Why is the cruiser once again becoming a credible option for world navies?

On July 9, 1995, the USS Port Royal entered service, the last Ticonderoga-class cruiser to join the US Navy, but also the last cruiser produced in the West, or at least designated as such. On a planetary scale, it will only have been followed by the Russian nuclear battle cruiser Piotr Veliki (Peter the Great), 3rd and last unit of the Kirov class to have joined the Russian Navy in 1998 after 15 years of construction and that the last 3 units were canceled following the collapse of the Soviet bloc. Following this, none of the world's major navies produced a cruiser, until the entry into service in 2008 of the first of the 3 South Korean heavy destroyers of the Sejong the Great class and its 128 vertical silos for a displacement of 10.000 tons and 166 meters long. It will still be necessary to wait more than 10 years for a second class of heavy destroyers, the Chinese Type 055 of 12.000 tons, 180 meters and 112 VLS, does not come into service. Since then, several Marines, including the US Navy with the DDG(x) program, Italy with the designated program DDx, or Russia with the Lider class, announced the launch of a program aimed at acquiring heavy destroyers or cruisers. It remains to determine the reasons for these paradigm shifts leading to the renewed interest of the world's major navies in the cruiser, after it was unloved for nearly 30 years.

To answer this question, it is necessary to start by defining what a cruiser is. Several definitions exist, based for example on the tonnage of the ship, or its firepower. But the most relevant is none other than that allowing the classification of surface combat units according to their main mission structuring their design. Thus, the frigates would be specialized escorts and the destroyers, heavier, versatile escorts. In this nomenclature, the cruiser is distinguished from the destroyer by the fact that it is not an escort intended to protect a major ship such as an aircraft carrier or a large amphibious ship, but that it alone represents a major ship. capable, as is the case of the aircraft carrier, of controlling a theater and therefore having all the means to strike air, naval or land targets. Of course, a cruiser can act for the benefit of another capital ship, as was the mission of the American Ticonderoga, but it is above all able to control its own naval force in order to create a major operational and political effect.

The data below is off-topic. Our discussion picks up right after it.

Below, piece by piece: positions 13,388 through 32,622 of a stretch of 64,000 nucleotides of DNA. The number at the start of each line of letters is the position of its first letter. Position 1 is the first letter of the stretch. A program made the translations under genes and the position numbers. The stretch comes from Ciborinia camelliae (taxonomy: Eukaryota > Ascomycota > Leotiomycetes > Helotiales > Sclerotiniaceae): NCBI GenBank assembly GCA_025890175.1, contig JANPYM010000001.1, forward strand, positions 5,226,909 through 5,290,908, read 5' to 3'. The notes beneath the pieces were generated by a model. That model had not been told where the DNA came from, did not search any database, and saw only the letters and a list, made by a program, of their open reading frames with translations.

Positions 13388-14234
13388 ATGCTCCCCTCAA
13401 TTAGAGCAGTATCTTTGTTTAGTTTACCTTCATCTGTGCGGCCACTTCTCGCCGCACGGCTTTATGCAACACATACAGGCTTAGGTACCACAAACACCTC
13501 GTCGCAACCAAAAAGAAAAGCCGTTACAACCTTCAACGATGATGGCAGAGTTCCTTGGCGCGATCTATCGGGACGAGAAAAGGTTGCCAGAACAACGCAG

The last cruiser to join the US Navy was a Ticonderoga-class ship in 1995

Therefore, on the basis of this definition, it clearly appears that the Chinese Type 055s, like the South Korean Seijong le Grand, respond much more to the classification of cruiser than destroyer, this being confirmed by the frequently observed deployment format of these ships while they often constitute the Capital Ship of a flotilla composed of escorts, frigates or destroyers, and logistics ships, so as to be able to carry out their primary missions, whether anti-ship, strike towards the ground or anti-ballistic and anti-aircraft protection. The same will apply to the future DDGx and DDx of the US Navy and the Marina Militare, or 3 new Russian cruisers whose construction was announced by Vladimir Putin a few weeks ago, and which will probably be derived from the nuclear-powered Lider model presented on Russian shows for years. And if the rumor about the development of super-destroyers for the Bundesmarine remains very uncertain, it is no less true that, from now on, the cruisers have again the favors of the admiralties.

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